The Northwest Flower and Garden Show

This is going to be a rant and rave post. At first I thought I should only say nice things but why? This is my blog and I’ll bitch if I want to!

I have two main rants so I’ll just get them out of the way:

1) I’ve been going to this show for years and I have never understood why the lighting for the display garden area is so terrible. I feel like I’m going into a cave or viewing gardens at night. I’m sure I’m not the only one who feels this way. Can’t somebody figure out how to brighten the place up a little?

2) Where was the color? Outside, so many plants are in bloom; early cherries, heather, camellias, hellebore, viburnums, rhododendrons and more. We also have several deciduous plants with brightly colored stems; red twig, yellow twig and midwinter fire dogwoods, Coral Bark and Pacific Fire maples. Winter gardens in the northwest can be full of flowers and color. I know plants go in and out of fashion at the show – one year EVERYBODY had Pink Dawn Viburnums, another year EVERYBODY had masses of forced bulbs – this year evergreens were in. Evergreens are great, but the northwest has so much more to offer.

Okay, now that that’s out of my system – lets get to the cool stuff.

 

I absolutely love this. It’s hard to tell in the picture but this giant glass ball is really a fountain with water gently spilling out of the top. You can kind of make out the ripples in the water in the second photo.

 

This design  by Karen Stefonick titled, ‘A Wrinkle In Time: Gardens Not Yet Discovered’, won the Best in Show Founder’s Cup.

 

Kinssies Landscaping produced this gold medal garden called ‘Stepping Through A Timeless Tranquil Forest.’  I really like the natural waterfall in the middle and the use of color! The Coral Bark Maple, heathers and PJM Rhododendron really stand out in all the green.

 

The container garden competition was held on the sky bridge with lots of natural light. I particularly liked this orchid, fern and bromeliad garden. Unfortunately, I forgot to note who created this so I could give them the credit they deserve.

 

Now for my favorite part of the show … shopping!

These hollow glass bamboo poles are the creation of artist Jesse Kelly.  I went to the show with limited funds so art wasn’t in the budget; but if I had the money, I would definitely buy some of these.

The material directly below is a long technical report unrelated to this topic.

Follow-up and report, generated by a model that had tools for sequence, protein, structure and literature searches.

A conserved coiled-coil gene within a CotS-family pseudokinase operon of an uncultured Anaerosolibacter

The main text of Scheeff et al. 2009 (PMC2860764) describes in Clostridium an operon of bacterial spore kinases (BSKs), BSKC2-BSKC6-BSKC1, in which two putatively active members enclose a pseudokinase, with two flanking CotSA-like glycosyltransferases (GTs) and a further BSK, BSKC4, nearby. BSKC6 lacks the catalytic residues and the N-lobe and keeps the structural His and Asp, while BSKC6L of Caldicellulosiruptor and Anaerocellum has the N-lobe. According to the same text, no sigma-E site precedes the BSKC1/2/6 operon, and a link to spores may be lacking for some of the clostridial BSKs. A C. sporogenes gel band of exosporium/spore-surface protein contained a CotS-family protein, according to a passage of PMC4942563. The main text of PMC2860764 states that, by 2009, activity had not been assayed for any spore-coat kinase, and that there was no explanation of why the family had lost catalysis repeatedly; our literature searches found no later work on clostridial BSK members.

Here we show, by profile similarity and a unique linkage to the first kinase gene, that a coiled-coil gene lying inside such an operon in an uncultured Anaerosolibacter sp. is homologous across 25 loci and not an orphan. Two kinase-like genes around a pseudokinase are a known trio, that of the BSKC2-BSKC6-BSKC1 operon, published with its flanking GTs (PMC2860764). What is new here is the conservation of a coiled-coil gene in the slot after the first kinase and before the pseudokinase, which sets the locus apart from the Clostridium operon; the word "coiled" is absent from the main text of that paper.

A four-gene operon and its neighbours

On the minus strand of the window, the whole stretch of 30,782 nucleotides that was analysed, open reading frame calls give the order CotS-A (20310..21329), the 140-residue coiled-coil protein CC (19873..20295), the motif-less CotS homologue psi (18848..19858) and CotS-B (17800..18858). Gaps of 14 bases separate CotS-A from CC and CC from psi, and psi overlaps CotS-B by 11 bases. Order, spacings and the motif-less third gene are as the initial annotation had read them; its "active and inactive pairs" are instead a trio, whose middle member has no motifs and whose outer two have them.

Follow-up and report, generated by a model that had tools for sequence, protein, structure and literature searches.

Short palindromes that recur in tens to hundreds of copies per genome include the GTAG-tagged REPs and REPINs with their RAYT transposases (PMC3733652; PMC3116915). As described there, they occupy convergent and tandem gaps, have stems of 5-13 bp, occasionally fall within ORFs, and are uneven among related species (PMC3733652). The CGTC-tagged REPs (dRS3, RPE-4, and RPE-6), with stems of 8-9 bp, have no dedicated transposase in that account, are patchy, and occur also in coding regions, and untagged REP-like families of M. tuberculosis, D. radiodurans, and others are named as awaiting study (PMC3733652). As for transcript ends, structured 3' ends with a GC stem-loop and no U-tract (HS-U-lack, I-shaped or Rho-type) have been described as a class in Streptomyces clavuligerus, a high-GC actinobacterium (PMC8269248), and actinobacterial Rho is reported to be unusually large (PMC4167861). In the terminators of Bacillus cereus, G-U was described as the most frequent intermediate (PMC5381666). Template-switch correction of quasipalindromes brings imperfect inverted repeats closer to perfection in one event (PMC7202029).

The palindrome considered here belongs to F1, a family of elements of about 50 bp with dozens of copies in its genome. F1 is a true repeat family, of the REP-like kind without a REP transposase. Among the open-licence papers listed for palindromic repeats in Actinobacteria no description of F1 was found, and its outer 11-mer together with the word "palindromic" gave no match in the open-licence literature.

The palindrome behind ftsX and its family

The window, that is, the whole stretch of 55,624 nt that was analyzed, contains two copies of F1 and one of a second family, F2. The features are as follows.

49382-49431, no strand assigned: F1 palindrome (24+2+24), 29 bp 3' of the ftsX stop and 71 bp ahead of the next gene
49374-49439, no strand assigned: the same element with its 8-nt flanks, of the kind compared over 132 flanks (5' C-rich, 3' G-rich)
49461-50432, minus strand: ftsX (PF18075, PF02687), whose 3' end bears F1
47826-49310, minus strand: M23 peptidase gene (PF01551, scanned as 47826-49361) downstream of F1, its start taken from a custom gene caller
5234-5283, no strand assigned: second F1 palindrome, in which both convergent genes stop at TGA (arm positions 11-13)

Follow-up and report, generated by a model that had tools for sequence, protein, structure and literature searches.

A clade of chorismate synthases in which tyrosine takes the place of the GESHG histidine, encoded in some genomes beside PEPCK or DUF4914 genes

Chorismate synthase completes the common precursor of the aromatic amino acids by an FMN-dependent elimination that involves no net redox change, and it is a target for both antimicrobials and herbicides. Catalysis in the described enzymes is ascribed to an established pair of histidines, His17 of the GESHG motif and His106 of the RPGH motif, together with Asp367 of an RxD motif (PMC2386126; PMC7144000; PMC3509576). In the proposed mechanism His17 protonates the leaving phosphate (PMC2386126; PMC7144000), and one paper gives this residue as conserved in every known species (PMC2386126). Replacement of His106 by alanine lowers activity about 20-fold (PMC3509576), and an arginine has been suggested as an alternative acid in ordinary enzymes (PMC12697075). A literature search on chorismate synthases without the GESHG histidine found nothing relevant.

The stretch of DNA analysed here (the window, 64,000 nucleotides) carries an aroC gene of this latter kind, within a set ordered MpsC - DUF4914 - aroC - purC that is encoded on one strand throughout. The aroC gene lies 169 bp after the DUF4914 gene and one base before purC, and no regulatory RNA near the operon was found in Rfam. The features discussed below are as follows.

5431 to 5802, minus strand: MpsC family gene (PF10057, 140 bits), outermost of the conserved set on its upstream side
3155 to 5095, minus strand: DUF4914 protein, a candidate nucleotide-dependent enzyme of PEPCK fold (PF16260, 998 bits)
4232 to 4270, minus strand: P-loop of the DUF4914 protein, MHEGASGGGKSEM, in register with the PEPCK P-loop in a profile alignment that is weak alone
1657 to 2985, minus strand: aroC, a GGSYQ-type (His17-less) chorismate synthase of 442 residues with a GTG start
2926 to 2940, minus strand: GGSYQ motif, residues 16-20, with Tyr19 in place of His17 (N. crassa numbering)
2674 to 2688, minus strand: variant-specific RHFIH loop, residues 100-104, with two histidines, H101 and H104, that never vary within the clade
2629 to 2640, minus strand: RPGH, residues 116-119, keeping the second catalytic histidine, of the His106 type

Plants were my my main objective and my first purchase was from Keeping It Green Nursery. I got two pots of hardy ground Orchid, Bletilla striata ‘Murasaki Shikibu’. In the pictures I’ve seen it’s a beautiful blue-toned lavender. One of the pots has three shoots coming up and the other has six. I also got a pot of Bletilla striata ‘Kuchibeni’ that’s described as magenta in color. It currently has no shoots and just looks like a pot of dirt but I have faith.

 

This is the booth for Heaths and Heathers. Just look at all those vibrant colors! I bought Calluna vulgaris ‘Clare Carpet’, a two inch tall ground cover with pink flowers in late summer and Cassiope selaginoides var. nana, a four inch, mounding, heather-relative native to the northwest that gets white flowers in mid-spring. Someday soon they’re going to be part of a miniature garden.

 

At the end of the day I attended Ivette Soler’s seminar on edible landscaping. For those of you still in the dark – she’s The Germinatrix and my idol and inspiration. I just love her! Here she is about to sign my copy of her book, the Edible Front Yard. I was so excited I could barely speak – something that’s very unusual for me!

 

One final and very serious note; according to the Seattle P.I., after 21 years the show’s owner is trying to sell. If he doesn’t find a buyer there probably won’t be a show next year. NOOOOOO!!! Say it isn’t so! This is the second biggest flower show in the COUNTRY, with over 50,000 attendees and close to 2 million in revenue. It can’t close – it just can’t. Let’s pray, send good thoughts, beg – cry if we have to. The show must go on!

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